InfoMesa is a technology demonstrator from Microsoft Life Sciences that I've blogged about previously. I've been working (as time permits) on two tracks.
First, I've forked the code to investigate how the interactive whiteboard/electronic research notebook would work in an environment like the Social Computing Room. I've already had some interesting results, and the product of that work is in actual use by researchers in day-to-day work. The main departure in this case is turning the interface 'inside out', essentially creating a 12,288x768 workspace, while migrating all of the other interface items into context menus. In the SCR port, there's more concern with laying out content around the room than having a free-flowing scrollable palate. Essentially, I'm trying to put this fork 'out there', and then asking researchers what sorts of tools they would like. I'm incrementally porting InfoMesa features to this environment as I can, and am especially keen on adding annotation features.
This brings me to the second track, which is looking at the 'cloud' as the source of data. In this way, InfoMesa becomes a 'browser' of sorts. The InfoMesa database becomes a link repository, a tagging service, and an annotation service. The whiteboards are composed of objects that may exist outside of the InfoMesa metadata repository. The data may be in a database, may be a resource on the web, identified by a URI, or may be stored in a cloud database, such as SQL Data Services in Microsoft Azure, or Amazon S3. The InfoMesa blog has some interesting demonstrations of porting the whiteboard metadata to Azure in the post InfoMesa and Databases in the Cloud - Windows Live.
I think the cloud data idea is useful, making whiteboards accessible anywhere. What I think is potentially more interesting is to think of InfoMesa as a resource browser and annotation platform, and looking at creating pluggable hooks in InfoMesa to be able to retrieve whiteboard objects from different locations, such as the above mentioned cloud data services. Questions to answer include designing such a pluggable architecture, laying out the metadata schema that would be able to store and properly access data in the cloud, and defining the security layer such that a whiteboard can acess data with proper security.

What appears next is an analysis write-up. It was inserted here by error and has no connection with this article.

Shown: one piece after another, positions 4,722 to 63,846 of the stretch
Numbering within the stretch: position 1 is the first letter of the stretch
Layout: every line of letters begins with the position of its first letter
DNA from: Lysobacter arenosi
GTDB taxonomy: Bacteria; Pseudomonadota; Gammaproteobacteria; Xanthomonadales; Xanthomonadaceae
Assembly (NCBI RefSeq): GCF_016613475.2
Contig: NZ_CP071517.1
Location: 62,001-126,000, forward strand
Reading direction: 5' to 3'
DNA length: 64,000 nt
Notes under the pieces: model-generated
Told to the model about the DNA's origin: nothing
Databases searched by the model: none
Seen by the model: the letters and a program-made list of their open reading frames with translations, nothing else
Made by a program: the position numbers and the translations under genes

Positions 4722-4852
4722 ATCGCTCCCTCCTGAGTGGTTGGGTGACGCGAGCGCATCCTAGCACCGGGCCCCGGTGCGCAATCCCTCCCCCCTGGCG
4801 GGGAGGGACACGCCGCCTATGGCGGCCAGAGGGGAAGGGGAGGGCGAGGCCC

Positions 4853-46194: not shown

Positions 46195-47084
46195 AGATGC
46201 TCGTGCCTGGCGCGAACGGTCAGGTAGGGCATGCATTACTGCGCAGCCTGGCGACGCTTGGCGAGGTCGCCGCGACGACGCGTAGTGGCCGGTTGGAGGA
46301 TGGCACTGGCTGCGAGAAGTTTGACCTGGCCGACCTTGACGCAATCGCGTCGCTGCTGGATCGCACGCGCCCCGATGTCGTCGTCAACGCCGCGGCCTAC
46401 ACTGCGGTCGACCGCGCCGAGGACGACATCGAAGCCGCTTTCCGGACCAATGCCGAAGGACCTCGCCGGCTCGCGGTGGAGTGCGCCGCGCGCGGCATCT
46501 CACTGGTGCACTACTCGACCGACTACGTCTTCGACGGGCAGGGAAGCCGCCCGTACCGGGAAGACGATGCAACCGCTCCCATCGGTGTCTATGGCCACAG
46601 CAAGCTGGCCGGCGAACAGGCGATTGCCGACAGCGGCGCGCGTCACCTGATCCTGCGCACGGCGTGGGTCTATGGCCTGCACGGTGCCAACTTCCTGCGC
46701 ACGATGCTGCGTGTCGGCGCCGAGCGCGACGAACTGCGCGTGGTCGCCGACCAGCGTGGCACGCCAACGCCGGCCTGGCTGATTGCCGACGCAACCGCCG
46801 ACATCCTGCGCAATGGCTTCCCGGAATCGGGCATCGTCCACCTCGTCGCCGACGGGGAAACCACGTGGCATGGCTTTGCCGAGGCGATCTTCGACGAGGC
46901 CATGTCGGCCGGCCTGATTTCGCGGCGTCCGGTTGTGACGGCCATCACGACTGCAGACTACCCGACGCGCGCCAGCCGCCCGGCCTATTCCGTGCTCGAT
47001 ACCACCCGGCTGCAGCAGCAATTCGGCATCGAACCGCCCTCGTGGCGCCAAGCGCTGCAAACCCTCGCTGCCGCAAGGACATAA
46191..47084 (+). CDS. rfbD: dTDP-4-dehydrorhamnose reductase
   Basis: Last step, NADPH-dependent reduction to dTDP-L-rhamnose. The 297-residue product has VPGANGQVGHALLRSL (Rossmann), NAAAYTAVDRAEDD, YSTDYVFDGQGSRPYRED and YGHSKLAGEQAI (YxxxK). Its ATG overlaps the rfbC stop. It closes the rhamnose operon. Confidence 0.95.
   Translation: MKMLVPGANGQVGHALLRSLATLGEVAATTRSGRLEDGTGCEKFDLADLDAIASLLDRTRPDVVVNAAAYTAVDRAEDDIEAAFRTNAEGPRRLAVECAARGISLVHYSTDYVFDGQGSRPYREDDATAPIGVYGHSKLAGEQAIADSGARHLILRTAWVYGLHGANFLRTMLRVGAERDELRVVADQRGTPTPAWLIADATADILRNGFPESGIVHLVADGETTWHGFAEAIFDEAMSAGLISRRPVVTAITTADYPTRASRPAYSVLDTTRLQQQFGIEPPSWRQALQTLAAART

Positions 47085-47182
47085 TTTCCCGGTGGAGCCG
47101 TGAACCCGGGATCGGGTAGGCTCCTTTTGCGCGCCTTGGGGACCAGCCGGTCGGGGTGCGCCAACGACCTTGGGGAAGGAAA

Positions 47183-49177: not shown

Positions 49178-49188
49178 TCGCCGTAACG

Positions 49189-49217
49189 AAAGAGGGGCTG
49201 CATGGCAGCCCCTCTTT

The ability to store and annotate data in these views has other interesting benefits, including 'wall-to-wall' collaboration. I imagine augmenting collaboration sessions with video conferencing between two visualization environments, where some ability to synchronize whiteboards brings remote parties together. I also am interested in the more pragmatic ability to allow a researcher to design a whiteboard that represents the agenda for a research group meeting at their desktop, and be able to walk up to a visualization wall, or an environment like the SCR, and have their data appear, ready to go. Think if this as a more fluid way of developing a presentation, where sequences of slides are less useful than a free-flowing group interaction with imagery, video, and other types of visual data.
You can see that the potential is endless. I'm trying to keep it focused on practical use, making working in the SCR a productive and fun experience.